Royal Caribbean and Norwegian Cruise Lines are banning passengers from their cruise ships who hold passports from China, Hong Kong, or Macao “until further notice” because of the coronavirus outbreak, the companies announced Friday. Norwegian tells The Verge it is also banning crew members who hold any of those passports.
In addition, Royal Caribbean says it won’t allow any guest or crew member on board one of its ships if they’ve traveled “from, to, or through” China, Hong Kong, or Macao in the last 15 days, regardless of nationality — or anyone who’s come in contact with someone who’s been to those places in the same time frame. Carnival is reportedly following a similar guideline set out by the cruise industry’s trade group, but did not immediately respond to a request for comment. Norwegian Cruise Lines is taking it even further, saying it won’t allow guests or crew members to board if they’ve traveled to those places in the last 30 days.
The news comes after at least three cruise ships have run into coronavirus outbreaks or scares over the last few days, two of which were quarantined.
Early Friday, 27 Chinese nationals were screened for the virus on one of Royal Caribbean’s ships, the Anthem of the Seas, following docking in New Jersey. Four of those passengers were sent to a local hospital for closer observation, though no cases of the coronavirus were confirmed.
The Anthem of the Seas was supposed to set off on a new trip on Saturday, but that has now been delayed; Royal Caribbean is offering passengers on that trip “a 1-day refund in the form of an onboard credit” plus “a pro-rated credit” if passengers “pre-purchased any packages such as, beverage, internet, or dining.” Both Royal Caribbean and Norwegian Cruise Line did not immediately respond to questions about what they are doing for customers who’ve been banned but had previously scheduled travel.
Anthem of the Seas passengers have so far fared better than those on Carnival’s Diamond Princess ship, which is currently quarantined until February 19th off the coast of Yokohama, Japan after 61 cases of the new coronavirus were confirmed. A third ship, owned by the tourism arm of Malaysian conglomerate Genting, is currently quarantined outside Hong Kong after at least eight coronavirus cases were confirmed.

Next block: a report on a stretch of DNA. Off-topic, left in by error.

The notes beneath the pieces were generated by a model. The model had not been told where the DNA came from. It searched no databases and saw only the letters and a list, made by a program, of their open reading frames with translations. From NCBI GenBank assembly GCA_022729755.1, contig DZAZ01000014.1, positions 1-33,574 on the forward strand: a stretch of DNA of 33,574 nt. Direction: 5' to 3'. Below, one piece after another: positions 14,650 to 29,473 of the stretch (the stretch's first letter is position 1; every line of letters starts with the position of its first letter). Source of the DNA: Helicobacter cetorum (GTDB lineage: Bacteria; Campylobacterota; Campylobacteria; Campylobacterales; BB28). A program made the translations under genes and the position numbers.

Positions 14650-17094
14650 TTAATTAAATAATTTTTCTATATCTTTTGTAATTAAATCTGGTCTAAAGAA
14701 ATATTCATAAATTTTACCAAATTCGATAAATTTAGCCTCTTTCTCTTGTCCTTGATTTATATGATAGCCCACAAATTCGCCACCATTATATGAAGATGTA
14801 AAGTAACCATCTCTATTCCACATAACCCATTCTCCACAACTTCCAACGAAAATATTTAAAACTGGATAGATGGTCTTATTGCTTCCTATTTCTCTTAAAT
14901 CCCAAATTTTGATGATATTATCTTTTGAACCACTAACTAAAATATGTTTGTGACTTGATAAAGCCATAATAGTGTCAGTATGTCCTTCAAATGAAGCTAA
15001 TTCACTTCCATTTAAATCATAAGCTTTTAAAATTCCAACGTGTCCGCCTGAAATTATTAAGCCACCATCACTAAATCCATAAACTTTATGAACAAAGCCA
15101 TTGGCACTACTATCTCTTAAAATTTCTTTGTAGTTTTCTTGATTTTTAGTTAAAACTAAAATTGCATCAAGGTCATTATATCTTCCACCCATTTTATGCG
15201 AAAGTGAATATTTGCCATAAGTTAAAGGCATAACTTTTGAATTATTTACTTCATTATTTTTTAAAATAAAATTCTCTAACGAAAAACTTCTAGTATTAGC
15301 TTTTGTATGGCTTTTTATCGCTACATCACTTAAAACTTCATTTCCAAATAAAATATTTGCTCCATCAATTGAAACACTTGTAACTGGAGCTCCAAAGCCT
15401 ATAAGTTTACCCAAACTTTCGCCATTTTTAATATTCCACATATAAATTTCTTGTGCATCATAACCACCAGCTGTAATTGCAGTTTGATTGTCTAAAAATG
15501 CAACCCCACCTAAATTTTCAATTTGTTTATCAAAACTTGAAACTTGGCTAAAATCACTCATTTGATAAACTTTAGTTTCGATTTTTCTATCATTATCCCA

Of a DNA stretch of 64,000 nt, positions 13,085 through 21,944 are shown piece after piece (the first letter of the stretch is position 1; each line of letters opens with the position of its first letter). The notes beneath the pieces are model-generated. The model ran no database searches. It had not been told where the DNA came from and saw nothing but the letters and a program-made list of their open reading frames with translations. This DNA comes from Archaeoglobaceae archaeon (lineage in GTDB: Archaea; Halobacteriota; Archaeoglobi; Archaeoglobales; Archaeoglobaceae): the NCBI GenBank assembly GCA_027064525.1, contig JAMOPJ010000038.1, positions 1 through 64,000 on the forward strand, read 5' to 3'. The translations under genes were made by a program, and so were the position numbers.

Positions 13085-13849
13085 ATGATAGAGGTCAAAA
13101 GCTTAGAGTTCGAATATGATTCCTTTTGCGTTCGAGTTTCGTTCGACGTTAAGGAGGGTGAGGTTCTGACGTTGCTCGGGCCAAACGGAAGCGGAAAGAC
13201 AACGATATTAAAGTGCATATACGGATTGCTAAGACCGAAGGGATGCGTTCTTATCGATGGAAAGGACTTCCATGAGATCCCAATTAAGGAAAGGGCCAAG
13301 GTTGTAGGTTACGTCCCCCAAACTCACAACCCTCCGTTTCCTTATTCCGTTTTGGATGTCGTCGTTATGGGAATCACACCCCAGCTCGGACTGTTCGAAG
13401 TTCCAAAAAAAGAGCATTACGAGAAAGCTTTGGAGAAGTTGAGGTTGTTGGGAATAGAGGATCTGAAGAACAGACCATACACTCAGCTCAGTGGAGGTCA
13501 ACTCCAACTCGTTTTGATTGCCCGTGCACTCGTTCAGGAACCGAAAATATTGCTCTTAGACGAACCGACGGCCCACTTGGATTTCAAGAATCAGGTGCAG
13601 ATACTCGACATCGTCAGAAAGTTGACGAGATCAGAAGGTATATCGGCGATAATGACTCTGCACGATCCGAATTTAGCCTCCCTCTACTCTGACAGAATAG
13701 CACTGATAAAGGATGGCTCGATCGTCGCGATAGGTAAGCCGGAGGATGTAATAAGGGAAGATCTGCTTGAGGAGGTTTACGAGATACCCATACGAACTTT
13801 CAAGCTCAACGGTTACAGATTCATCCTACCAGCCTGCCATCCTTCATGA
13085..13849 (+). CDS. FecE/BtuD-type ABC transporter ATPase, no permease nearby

There have been over 30,000 confirmed cases of the new coronavirus since the outbreak began in late January, with the majority in China. At least 638 of those people have died, while over 1,700 people have recovered.
In the weeks since the outbreak began, the US government has tried to both limit travel to China and set up screenings and quarantines to reduce the chance of admitting any more contagious people into the country. The US State Department initially warned Americans not to travel to China, and told citizens who are already there to “consider departing using commercial means.”
US Secretary of Health and Human Services Alex Azar has since declared a public health emergency, and the government started diverting flights from China to the US to seven airports for advanced screening. President Trump followed that move with a proclamation that any foreign national who tries to enter the US within 14 days of having traveled to China will be turned away.
In turn, all of the major US airlines that operate routes to and from China have suspended those flights, as have a number of international airlines like Lufthansa and Air Canada.
None of those airlines went as far as denying travel to China, Hong Kong, or Macao passport holders before suspending their flights. But airlines also operate in a far more diverse and competitive global market. Royal Caribbean and Norwegian Cruise Lines, meanwhile, collectively make up more than 30 percent of the overall global cruise ship market, behind only Carnival, and are therefore in a far more powerful position to take such drastic steps.